Thursday 8 December 2016

27 killed as suicide bomb rips through mosque

Sarah Elizabeth Williams

Published 22/11/2016 | 02:30

Afghan security forces keep watch in front of the mosque where the explosion happened Photo: REUTERS/Omar Sobhani
Afghan security forces keep watch in front of the mosque where the explosion happened Photo: REUTERS/Omar Sobhani

At least 27 people have been killed and more than 35 injured in a suicide attack on a crowded Shia mosque in Kabul, Afghanistan, the third major attack on minority Shias in the city since July.

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The attacker entered the Baqir-ul-Olum mosque shortly after midday as worshippers gathered for a ceremony, the interior ministry said.

"I was in the mosque, the people were offering prayers. Suddenly I heard a bang and windows broke. I had no idea what had happened. I rushed out screaming," survivor Ali Jan said.

"I saw people screaming and covered in blood," another survivor said.

He said he had seen 40 dead and 80 injured taken from the mosque.

The Kabul police Criminal Investigation Department said the death total from the incident could rise.

The Taliban denied it was involved. The hardline Sunni group is pushing to reassert control over Afghanistan after being ousted by US forces in 2001.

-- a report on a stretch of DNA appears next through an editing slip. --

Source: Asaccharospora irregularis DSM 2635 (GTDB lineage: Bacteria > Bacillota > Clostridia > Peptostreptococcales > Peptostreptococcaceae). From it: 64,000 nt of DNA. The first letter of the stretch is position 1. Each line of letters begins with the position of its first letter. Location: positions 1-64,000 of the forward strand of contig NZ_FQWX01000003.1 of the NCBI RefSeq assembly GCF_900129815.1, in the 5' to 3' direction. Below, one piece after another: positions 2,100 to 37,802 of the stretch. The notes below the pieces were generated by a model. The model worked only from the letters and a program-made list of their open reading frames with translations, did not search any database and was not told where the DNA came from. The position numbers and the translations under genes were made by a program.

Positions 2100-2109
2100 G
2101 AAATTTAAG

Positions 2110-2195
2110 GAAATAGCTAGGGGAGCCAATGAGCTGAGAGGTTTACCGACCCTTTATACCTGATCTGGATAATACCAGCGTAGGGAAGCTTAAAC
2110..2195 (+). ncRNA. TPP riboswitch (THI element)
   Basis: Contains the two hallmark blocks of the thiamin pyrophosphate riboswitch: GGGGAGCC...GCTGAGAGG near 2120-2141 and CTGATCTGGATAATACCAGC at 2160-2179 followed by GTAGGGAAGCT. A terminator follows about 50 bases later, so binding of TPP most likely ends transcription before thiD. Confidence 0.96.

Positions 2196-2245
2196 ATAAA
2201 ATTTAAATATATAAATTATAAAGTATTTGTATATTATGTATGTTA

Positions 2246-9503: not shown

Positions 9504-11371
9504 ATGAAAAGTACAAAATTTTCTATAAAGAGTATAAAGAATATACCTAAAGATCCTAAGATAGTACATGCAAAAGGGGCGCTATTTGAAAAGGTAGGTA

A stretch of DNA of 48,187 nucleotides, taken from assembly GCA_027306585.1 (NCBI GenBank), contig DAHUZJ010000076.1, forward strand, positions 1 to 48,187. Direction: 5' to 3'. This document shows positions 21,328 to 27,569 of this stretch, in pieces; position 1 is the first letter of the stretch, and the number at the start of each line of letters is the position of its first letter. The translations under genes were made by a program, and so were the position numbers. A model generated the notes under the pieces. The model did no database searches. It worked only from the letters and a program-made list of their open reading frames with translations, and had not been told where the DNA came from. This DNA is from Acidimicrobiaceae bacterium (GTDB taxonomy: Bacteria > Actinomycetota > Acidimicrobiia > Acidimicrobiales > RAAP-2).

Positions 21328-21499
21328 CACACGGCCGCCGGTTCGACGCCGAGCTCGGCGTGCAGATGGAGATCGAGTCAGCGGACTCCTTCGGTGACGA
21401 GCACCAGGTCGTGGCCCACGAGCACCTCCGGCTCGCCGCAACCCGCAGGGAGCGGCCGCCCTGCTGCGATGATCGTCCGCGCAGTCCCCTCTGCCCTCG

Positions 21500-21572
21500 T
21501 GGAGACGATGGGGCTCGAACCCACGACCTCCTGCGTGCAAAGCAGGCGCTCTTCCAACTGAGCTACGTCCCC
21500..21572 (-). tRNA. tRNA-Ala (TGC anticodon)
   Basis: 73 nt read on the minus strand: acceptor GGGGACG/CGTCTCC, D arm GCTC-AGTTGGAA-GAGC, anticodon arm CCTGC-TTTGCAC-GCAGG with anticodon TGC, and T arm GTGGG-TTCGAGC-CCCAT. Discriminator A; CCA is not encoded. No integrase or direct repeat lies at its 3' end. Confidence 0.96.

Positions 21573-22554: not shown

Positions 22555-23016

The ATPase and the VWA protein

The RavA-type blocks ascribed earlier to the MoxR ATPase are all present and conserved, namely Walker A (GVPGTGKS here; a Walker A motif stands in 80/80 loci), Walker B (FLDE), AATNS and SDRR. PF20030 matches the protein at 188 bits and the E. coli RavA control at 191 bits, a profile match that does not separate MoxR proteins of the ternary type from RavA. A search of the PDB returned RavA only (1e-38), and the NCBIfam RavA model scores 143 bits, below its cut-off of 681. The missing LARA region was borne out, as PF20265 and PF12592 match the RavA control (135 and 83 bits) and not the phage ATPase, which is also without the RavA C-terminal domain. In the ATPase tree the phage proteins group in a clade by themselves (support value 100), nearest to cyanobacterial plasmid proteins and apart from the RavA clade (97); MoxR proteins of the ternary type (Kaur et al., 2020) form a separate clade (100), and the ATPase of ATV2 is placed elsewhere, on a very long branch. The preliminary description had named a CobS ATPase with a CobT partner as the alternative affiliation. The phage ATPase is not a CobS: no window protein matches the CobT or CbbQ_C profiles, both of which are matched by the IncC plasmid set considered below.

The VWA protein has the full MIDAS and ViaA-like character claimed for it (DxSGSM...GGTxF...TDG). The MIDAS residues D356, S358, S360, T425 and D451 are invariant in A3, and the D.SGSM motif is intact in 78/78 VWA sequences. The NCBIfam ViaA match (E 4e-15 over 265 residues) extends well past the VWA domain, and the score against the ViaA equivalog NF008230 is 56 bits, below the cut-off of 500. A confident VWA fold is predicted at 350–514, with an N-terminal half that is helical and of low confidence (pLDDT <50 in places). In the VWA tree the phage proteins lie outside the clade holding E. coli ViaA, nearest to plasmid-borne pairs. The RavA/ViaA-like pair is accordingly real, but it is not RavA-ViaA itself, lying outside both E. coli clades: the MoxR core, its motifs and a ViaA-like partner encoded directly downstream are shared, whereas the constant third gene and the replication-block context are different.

"We have never attacked mosques as it is not our agenda," said a Taliban spokesman.

No other group has claimed responsibility.

While majority-Sunni Afghanistan has struggled to maintain stability since the US invasion, the country has long been spared the kind of bloody sectarian fighting common in Iraq and Syria.

This attack, the latest in a string of suicide blasts targeting Shias, suggests Afghanistan may no longer be immune.

Last month, during Ashura, a major Shia festival, a suicide bomber killed 14 people at a mosque in Balkh, in northern Afghanistan.

That attack came just days after 18 people were killed in a Kabul attack that targeted Shias and was claimed by Isil.

In July, more than 80 people were killed in an attack on a demonstration by the mainly Shia Hazara minority.

Abdullah Abdullah, a government official in Kabul, condemned the attack as a sign of barbarism but said Afghanistan should not fall victim to "enemy plots that divide us by titles".

"This attack targeted innocent civilians - including children - in a holy place.

"It is a war crime," he added.

Telegraph.co.uk

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